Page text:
Trans Pacific Partnership : World's Largest Trade Agreement

Posted on the 7th October 2015 by Sumeeta, Communications Coordinator


After years of negotiation, trade ministers from 12 various countries managed to reach an accord regarding the Trans Pacific Partnership, which is seemingly, the largest trade agreement in history. As per New York Times reports, Michael Froman, the United States trade representative said that after years of negotiations and a series of sleepless nights, it was merely “an important first step”. The agreement has definitely taken a leap in terms of progress, as previous meetings in the last few months all proved futile with various obstacles; bringing it to a halt. Trans Pacific Partnership is probably one of the biggest initiatives by Barack Obama before he steps down as the President of the United States.

But first, what is TPP, and why has it taken so many years for the nations to finally reach an agreement?

The Trans-Pacific Partnership is an extensive free trade agreement involving 12 member countries- United States, Australia, Brunei Darussalam, Canada, Chile, Malaysia, Mexico, New Zealand, Peru, Singapore, Vietnam, and recently, Japan as well.

It is believed that with the finalisation of this trade agreement, it would be larger than the North American Free Trade Agreement (NAFTA), the world’s largest trade region at present. So, let’s put on our thinking caps for a second and wonder, how much larger could it possibly be?

The answer may surprise you- but this TPP involving 12 major economies (3 NAFTA members coupled with 9 other nations) would now be responsible for 40% of the world’s GDP and 26% of the world’s trade! The extent of these impacts on the world’s economy are definitely not direct in all possibilities as this may not only bring positive results, but also may pose negative effects on the other end of the balance.


The Trans Pacific Partnership is capable of promoting more job opportunities, boosting exports as well as acting as a catalyst to economic growth for the 12 countries involved. This is because, via this agreement, trade barriers will be eliminated and this would encourage transfer of skills, goods and services between the members. According to the US officials, this is said to be the world’s most progressive and forward looking agreement thus far; and it can be seen through the improvisation in the agreement by President Obama.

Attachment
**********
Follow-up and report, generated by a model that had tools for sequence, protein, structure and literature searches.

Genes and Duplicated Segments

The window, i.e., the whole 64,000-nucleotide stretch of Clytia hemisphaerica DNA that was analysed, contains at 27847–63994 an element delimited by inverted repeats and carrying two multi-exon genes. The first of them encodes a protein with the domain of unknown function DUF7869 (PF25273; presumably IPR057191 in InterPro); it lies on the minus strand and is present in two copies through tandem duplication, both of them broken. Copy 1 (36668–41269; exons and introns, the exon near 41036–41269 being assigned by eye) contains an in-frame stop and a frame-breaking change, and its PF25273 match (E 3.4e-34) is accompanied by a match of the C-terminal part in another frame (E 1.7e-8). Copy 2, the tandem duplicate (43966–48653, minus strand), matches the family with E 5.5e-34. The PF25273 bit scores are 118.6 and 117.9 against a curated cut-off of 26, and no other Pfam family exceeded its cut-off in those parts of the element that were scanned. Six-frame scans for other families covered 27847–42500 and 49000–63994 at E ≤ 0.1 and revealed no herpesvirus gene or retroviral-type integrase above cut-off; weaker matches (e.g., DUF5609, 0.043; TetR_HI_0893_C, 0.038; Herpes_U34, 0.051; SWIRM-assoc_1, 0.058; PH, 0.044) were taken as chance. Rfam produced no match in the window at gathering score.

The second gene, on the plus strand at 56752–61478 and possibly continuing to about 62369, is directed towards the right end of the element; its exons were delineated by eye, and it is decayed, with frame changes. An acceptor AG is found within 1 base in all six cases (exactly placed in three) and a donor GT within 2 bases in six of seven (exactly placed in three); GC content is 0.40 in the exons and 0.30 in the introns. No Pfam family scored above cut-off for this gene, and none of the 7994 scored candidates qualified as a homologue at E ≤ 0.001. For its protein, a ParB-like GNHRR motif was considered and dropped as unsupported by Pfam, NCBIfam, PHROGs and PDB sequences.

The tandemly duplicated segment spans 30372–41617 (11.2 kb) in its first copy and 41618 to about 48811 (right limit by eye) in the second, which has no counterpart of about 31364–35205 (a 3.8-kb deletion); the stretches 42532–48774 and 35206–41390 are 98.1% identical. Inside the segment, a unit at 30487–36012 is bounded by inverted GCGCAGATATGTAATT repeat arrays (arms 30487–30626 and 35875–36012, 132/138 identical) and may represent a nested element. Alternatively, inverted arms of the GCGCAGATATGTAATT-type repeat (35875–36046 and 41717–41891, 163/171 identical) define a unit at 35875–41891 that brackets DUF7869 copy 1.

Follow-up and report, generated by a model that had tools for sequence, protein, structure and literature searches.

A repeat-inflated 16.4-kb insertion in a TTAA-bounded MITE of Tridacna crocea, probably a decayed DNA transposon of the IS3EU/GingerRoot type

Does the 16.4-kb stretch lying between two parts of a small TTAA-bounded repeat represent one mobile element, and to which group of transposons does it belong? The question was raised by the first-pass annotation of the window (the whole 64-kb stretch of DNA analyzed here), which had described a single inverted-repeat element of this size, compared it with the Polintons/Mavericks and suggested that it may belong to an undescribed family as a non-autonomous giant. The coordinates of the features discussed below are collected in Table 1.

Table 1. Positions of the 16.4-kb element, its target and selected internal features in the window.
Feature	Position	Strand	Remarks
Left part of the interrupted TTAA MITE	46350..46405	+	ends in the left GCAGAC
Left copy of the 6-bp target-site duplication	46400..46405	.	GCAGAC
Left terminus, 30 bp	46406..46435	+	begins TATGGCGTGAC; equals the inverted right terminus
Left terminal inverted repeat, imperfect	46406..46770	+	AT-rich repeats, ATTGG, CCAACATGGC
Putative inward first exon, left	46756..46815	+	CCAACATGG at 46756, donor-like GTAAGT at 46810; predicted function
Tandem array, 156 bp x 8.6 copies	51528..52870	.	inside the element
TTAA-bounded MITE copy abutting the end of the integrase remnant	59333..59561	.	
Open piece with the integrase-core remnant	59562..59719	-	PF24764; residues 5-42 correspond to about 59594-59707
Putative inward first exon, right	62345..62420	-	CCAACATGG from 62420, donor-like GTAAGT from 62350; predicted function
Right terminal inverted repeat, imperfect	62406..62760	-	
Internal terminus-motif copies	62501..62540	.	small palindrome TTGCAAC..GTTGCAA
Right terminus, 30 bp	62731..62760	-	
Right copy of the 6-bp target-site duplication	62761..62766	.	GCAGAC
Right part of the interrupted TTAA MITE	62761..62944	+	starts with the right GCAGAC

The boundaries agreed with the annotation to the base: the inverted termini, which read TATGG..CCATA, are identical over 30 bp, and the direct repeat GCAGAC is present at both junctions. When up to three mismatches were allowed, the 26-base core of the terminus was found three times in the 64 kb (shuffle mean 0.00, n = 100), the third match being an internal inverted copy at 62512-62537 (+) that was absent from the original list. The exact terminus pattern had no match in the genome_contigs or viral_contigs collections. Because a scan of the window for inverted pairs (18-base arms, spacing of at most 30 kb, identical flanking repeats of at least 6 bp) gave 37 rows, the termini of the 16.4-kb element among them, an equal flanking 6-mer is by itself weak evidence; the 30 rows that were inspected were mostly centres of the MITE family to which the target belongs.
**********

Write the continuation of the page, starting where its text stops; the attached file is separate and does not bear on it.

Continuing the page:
This is especially beneficial for American small business owners. America has approximately 98% small businesses that export, however only 1% of the 28 billion small businesses export their own products. This agreement may assist in placing their products on shelves all around the world as the agreement helps simplify export rules for small businesses.

Besides that, for the US, it’s said that approximately 95% of the consumers lie outside the US and this free trade agreement may just act as a ‘pivot to Asia’ and this will ensure a rapid growth in their home country compared to China, their fast-growing Asian competitor.


One may have the perception that trade agreements may not be of huge impact in an average individual’s life- but that’s where you are mistaken! In this era of globalisation with services, finance and trade moving towards integration, every single transaction that you make on a daily basis is affected.

For an average individual, TPP impacts can be seen via the dwindling of the minimum wage. This may be evident because as companies, in the effort of minimizing cost and still abiding by the minimum wage requirement begin to outsource the work. For example, companies would prefer to pay less to Vietnamese workers who obtain 52 cents per hour as their minimum wage. Hence, American workers would need to compete with such low wages as companies would prefer lower paid foreign labour.

Besides that, based on the TPP agreement, intellectual property laws would be strengthened. In other words, patents and copyrights will be even more protected. This may be an obstacle to the access of generic drugs, especially in poorer countries. Establishments such as Doctors Without Borders seem to be opposing to this aspect of the agreement as it would make medicine much more expensive.

WES Looking Ahead

Similar to our blog posts prior to this, we would love to gear our readers to see issues from a different point of view.

Hence, TPP could also be viewed based on its impact on ASEAN countries. This is definitely interesting as some ASEAN countries involved in the TPP are also in AFTA (ASEAN Free Trade Agreement) such as Brunei Darussalam, Malaysia, Singapore, and Vietnam. Therefore, how would this affect these countries and their current trade position? Besides these countries, how would it affect the rest of the ASEAN countries that are not included in the TPP such as Indonesia and Thailand?

It is clearly not the case of ‘one size fits all’. Trade diversion and trade creation may occur and is inevitable.

If you’re particularly interested in impacts on particular ASEAN regions and their major trading partners such as China, we would like to encourage you to click on the link below for a comprehensive literature on this topic.

Trade Implications of the Trans-Pacific Partnership for ASEAN

By Sumeeta Ganesan, WES 2016 Communications Coordinator


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